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Evolution of Romance (was: **Answer to Pete**)

From:John Vertical <johnvertical@...>
Date:Friday, February 1, 2008, 14:37
On Wed, 30 Jan 2008 19:18:42 +0100, Benct Philip Jonsson wrote:

>I have wondered for long how k' merged with tj in Gallo- and >Ibero-Romance and come to the conclusion that it was *not* >via a progression k; > c > tS > ts but rather that k' merged >with tj directly. It is believable in that at least to the >naked ear the two palatalized sounds k' and t' sound much >more similar to each other than the non-palatalized k and t.
You'd consider kj) > tS in Italian a separate development then?
>But how come then that when g' and d' merge they both become >/dZ/ and not both /dz/? Perhaps simply because d' was so >infrequent to begin with?
Regardless, you'd need to assume a rather asymmetric intermediate system with tj) vs. gj). Altho I suppose this could have happened at a stage before there were any significant amounts of imported Germanic gw); then the precence of the third voiceless velar kw) could have provided the push for kj) but not gj). But then one is left to wonder why didn't it unround until new kj) and gj) had developed (French) if at all (Spanish)? Or why didn't plain k do anything in this chain?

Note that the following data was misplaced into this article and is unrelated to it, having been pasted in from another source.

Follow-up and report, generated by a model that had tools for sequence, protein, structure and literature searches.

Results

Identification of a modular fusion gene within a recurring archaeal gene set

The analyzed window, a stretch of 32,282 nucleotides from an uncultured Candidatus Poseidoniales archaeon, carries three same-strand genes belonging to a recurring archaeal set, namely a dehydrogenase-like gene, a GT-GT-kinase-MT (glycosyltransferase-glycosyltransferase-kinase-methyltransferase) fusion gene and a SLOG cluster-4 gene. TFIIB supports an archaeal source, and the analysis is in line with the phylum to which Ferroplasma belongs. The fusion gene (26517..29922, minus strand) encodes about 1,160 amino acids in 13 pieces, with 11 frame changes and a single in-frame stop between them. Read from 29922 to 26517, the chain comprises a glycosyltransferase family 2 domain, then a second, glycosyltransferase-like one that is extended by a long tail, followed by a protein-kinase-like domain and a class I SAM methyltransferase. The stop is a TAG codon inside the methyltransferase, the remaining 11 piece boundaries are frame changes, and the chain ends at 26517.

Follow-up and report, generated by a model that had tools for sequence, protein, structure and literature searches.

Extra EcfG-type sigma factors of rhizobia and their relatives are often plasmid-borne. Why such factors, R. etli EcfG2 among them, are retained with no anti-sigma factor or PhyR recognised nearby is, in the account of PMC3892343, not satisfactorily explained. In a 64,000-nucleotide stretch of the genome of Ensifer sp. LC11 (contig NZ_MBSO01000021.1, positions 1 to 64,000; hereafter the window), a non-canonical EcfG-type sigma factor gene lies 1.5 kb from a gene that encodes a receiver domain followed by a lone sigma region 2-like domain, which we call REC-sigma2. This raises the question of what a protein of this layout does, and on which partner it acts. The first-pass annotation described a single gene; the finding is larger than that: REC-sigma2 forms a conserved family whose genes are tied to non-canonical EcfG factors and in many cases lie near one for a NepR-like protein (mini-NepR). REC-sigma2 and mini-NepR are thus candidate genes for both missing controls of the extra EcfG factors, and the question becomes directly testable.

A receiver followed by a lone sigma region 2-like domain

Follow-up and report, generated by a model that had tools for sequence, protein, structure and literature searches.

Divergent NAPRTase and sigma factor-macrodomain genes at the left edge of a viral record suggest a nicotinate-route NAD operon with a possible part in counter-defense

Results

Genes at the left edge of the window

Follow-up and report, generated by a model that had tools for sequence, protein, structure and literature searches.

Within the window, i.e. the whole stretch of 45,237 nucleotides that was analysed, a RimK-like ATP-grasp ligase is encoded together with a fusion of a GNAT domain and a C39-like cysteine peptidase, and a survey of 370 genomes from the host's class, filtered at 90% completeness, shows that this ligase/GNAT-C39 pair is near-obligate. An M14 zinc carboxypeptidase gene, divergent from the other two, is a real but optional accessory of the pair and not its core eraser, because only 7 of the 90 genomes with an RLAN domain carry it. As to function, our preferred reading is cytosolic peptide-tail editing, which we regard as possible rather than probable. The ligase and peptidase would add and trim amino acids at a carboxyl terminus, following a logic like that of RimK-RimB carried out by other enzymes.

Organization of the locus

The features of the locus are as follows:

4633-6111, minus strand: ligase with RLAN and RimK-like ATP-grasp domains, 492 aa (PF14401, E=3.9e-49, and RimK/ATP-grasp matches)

>An older generation of Romanists thought that g' >in all positions went through a [j] stage before becoming >/dZ/, and that this together with a prestige pronunciation >of the letter _z_ as d' worked against a merger. It is >notable that the lenited reflex of k' is _dz_ but that of g' >is [j]!
So what does speak against this route? Far as I kno (admittedly not all that far) it seems to fit the data just as well, and explains the t' <> g' asymmetry with fewer assumptions.
>(There is no "alveolar" diacritic in CXS: [tdnszl] are >alveolar by default. I guess the 'retracted' [_-] diacritic >could be used as well (which would then agree with the way >Dravidianists mark alveolar consonants with a subscript >minus); [d_+] could then mean a "postdental" [d] as opposed >to interdental [d_d] if one wants to.)
To go on a slight tangent, this is another place where a more unified conlang community would be helpful. The ZBB has worked out ASCII transcriptions for everything in the Extended IPA as well, and many other things (non-alveolar lateral frics, epiglottal trill, etc). Their Z-SAMPA symbol for "explicitly alveolar" (corresponding to the ExtIPA dubbel underline) is [_a\]. I would understand [d_-] to mean a postalveolar voiced stop! John Vertical


Benct Philip Jonsson <melroch@...>